Unfortunately, the answer is yes: the federalism practiced in the United States was unhealthy. The coronavirus death rate in the United States ranks fifth among the largest nations in the worldbehind Italy and the United Kingdom, but well ahead of France, Sweden, Chile, Austria, South Africa and Russia.

The US went into the pandemic with a public health system and national health authorities that much of the world envied. The virus hit the American coast with a fair warning so there was an opportunity to prepare. And as the pandemic progressed, many of the worst coronavirus variants hit this country later than other countries, giving us an opportunity to learn from the experiences of others. But the virus has ravaged the country and undermined the excellent reputation of the country’s public health system.

In March 2020, Dr. Anthony Fauci, he expected the pandemic could kill 100,000 to 200,000 AmericansNumbers that looked stunning at the time. More than a year later, the number is approaching 600,000. The Lancet, the British medical journal, has been published an analysis Last February it was concluded that 40 percent of deaths would be preventable if the US had followed the same course as other major industrialized nations. Andrew Atkeson, a UCLA economist, argued that with better testing, masking, and social distancing, American deaths could have been kept to less than 300,000. Even the Trump administration’s coronavirus coordinator, Dr. Deborah Birx, completed that hundreds of thousands of deaths could have been prevented.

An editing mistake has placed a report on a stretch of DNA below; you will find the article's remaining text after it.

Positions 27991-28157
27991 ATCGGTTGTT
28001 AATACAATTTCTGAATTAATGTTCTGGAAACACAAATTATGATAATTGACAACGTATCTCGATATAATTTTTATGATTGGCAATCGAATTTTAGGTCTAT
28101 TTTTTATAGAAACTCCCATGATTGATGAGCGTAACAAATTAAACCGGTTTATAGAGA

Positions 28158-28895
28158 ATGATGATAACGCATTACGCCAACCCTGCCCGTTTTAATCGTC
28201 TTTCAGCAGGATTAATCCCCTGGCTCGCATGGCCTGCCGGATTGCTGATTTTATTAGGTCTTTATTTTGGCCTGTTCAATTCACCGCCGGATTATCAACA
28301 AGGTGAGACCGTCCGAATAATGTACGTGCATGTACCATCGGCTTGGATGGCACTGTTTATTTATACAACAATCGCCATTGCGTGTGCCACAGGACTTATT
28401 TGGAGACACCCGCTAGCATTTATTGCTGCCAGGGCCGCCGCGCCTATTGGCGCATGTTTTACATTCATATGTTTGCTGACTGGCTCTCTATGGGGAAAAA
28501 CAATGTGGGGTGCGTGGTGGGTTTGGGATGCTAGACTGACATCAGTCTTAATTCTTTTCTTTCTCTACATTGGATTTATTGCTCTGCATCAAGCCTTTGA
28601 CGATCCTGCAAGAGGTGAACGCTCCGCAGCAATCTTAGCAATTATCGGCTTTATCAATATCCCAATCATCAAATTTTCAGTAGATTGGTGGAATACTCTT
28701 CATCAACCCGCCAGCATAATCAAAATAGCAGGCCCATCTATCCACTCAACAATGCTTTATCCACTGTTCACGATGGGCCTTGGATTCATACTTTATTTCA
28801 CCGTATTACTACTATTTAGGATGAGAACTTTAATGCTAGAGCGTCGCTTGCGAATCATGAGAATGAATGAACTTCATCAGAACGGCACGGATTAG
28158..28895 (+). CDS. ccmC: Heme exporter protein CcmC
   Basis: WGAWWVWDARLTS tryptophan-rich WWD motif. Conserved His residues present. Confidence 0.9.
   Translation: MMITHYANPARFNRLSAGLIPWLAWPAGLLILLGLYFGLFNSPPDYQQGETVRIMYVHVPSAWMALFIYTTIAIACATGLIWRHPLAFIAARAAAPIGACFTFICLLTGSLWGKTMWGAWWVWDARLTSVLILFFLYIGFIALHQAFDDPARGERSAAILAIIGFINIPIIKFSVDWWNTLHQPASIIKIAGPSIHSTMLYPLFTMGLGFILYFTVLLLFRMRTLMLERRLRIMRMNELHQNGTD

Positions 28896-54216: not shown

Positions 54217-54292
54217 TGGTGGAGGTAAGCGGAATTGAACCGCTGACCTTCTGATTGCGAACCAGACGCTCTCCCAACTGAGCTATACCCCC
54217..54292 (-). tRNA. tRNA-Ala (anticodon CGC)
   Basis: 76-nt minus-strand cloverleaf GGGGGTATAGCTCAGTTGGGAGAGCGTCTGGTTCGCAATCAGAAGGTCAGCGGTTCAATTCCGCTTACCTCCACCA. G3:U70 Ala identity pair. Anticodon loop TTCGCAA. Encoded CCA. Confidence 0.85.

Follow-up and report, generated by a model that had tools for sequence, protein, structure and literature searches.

So it’s impossible to avoid the conclusion that America could have done much better in the fight against COVID-19. A bigger debate is whether American-style federalism was particularly to blame.

Among the federal systems, similar to our own, where powers are divided among the levels of government, the death rate was higher in Brazil, but the US ranked second, higher than Mexico, Germany, Switzerland and Australia. The death rate in the US was almost three times higher than that in Canada.

It would be a reasonable guess that, due to shared authority, federal systems are more struggling with COVID-19 than unitary systems, where central governments make most of the decisions. But this assumption does not work. Uniform systems such as that of the United Kingdom, France, Israel and Denmark did not show any significant differences in the pandemic. Even more central federal systems like India and Brazil did not perform better than more decentralized systems like Switzerland and the US